This is the second article in a series dedicated to using Section 530 of the Revenue Act of 1978 as protection for businesses that have been using independent contractors, in good faith, but are now facing an IRS or State of Minnesota audit of that practice. Section 530 may be 34 years old, but it is still a viable option for many businesses.
Section 530 relief is available to a business that treats workers as independent contractors if the following tests are met.
- Reporting Consistency. The taxpayer files all requisite tax returns on a basis consistent with treatment as independent contractors;
- Substantive Consistency. The taxpayer has treated all workers holding substantially similar positions as independent contractors; and,
- Reasonable Basis. The taxpayer had a reasonable basis for treating the workers as independent contractors.
In this article, we focus on the first of these three elements, Reporting Consistency. This is sometimes referred to as the “Tax Return Test.” All Federal tax returns must be filed on a basis consistent with treatment of the workers as independent contractors. This means that the business must file Forms 1099 for each worker it is claiming to be an independent contractor.
What if the business files Forms 1099 for some periods and not others? The business may still pursue Section 530 relief for the periods where it filed the Forms 1099.
Who carries the burden to prove the returns were filed? The burden is on the taxpayer to prove that the returns were filed and received by the IRS. Even if the taxpayer filed the returns, the IRS can argue that it did not receive the returns. The attorney representing the business should collect the returns from the taxpayer and request verification from the IRS that the returns were received.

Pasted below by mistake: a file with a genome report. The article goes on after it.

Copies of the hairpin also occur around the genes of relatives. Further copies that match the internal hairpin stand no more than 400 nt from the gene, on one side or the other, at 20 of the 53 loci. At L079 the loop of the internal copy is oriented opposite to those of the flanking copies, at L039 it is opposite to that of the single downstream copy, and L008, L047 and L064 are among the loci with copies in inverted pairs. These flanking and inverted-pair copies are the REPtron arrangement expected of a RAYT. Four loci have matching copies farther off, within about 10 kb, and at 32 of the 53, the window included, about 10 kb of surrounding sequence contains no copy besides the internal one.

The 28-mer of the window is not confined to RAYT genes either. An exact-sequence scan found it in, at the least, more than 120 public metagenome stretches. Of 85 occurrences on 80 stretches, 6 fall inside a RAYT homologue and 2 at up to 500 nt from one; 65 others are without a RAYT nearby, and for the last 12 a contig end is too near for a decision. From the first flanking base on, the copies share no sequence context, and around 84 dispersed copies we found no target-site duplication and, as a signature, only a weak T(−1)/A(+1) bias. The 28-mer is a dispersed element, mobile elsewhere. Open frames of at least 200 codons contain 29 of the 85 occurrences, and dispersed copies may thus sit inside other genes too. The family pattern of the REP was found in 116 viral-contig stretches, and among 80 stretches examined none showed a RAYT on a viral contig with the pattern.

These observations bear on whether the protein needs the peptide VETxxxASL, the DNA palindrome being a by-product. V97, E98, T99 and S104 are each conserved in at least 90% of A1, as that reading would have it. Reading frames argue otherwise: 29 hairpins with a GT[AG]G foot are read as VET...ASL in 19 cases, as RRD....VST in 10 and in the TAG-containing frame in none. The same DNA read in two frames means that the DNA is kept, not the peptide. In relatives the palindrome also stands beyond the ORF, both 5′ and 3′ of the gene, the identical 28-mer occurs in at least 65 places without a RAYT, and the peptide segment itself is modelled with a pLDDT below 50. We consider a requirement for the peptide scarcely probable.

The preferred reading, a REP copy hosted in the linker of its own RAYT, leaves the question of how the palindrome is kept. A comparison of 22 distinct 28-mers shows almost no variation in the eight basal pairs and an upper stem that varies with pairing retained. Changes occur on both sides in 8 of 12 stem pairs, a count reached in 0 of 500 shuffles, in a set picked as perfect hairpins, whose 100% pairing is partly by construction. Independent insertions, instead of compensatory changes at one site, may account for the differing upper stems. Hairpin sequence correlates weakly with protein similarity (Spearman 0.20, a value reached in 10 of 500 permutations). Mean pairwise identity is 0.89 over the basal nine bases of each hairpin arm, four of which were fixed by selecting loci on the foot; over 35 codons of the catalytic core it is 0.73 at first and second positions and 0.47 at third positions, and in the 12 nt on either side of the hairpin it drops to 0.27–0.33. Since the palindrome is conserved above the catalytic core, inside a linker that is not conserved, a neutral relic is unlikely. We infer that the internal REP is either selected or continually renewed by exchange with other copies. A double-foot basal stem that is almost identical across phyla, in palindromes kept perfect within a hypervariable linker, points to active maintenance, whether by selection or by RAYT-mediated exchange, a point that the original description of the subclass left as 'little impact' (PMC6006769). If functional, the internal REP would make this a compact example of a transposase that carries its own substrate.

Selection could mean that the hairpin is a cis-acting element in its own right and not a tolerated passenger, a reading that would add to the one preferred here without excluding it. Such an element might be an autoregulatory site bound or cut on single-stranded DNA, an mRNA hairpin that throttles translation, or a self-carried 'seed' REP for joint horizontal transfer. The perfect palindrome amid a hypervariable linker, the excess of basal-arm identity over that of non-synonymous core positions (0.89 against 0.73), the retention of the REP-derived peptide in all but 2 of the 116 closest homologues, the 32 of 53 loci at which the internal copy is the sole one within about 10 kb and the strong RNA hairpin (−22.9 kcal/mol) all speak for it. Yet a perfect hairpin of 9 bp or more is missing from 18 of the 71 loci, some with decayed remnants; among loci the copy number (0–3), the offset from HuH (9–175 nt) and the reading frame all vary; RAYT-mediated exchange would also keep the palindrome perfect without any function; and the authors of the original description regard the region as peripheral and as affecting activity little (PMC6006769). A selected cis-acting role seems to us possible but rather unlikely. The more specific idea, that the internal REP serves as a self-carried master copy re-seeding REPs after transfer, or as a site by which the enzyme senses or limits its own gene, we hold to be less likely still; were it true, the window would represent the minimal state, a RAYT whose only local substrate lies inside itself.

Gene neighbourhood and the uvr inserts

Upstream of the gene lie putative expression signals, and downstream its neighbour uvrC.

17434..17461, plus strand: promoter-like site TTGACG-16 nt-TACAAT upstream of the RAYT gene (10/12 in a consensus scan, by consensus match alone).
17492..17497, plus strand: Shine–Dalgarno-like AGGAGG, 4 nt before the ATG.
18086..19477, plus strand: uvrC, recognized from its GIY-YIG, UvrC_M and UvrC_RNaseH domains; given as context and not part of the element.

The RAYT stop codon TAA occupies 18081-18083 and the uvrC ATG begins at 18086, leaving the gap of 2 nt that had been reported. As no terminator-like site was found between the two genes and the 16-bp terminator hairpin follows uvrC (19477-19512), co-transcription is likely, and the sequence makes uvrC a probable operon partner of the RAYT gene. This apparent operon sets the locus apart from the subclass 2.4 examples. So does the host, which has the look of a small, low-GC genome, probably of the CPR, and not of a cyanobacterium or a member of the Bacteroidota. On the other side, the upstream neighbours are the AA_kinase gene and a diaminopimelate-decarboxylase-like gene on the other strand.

Are the Forms 1099 the only relevant returns? Some courts have found that the required returns include both the Forms 1099 and the transmittal Form 1096. See Medical Emergency Care Associates v. Comm’r. 120 T.C. 436, 444 (2003). Fortunately, Rev. Proc. 85-18 mentions only the Form 1099.
What if the returns are filed late? While it does not appear that the returns must be filed timely, they should be filed before the IRS starts an audit of the taxpayer on the independent contractor issue. Compare Medical Emergency Care Associates v. Comm’r. 120 T.C. 436, 444 (2003) (late filing before the audit started did not preclude section 530 relief) and Bruecher Foundation Services, Inc. v. U.S. , 484 F. Supp.2d 600, 603 (W.D. Tax. 2007) (filing returns after the audit started precluded Section 530 relief).
What if the business filed Forms W-2 for the workers? If the business filed Form W-2 for the workers, the presumption will be that the business treated them as employees.
What if the IRS forces the business to file a Form 941 and include the worker as an employee? If the IRS requires a business to file a Form 941, Employment Tax Return, as part of an audit, the filing is considered involuntary and the business may still pursue the Section 530 relief. On the other hand, if the business files the Form 941 in response to an IRS notice that it has not received a Form 941 and asks that it be filed, that filing will be considered voluntary and the business will be precluded from pursuing Section 530 relief. See F.J. O’Hara and Sons, Inc. v. U.S., 562 F. Supp. 100, 101 (1983).
What is the impact of the business complying with state filing requirements? Compliance with state filing requirements for employees will not impact the business’s ability to pursue Section 530 on the federal level.
What if the business made no payments to the workers? Is a Form 1099 still required? Courts have found in situations where the worker controls the money, like a taxi cab driver, Howard’s Yellow Cabs, Inc. v. U.S., 987 F. Supp. 469, 479 (1997) that the business did not have to file a Form 1099. The court has also looked to industry custom to determine if 1099s were required. In JJR Inc. v. U.S. 950 F. Supp. 1037, 1045-46 (W.D. Wash. 1997) the court found that Forms 1099 were not required.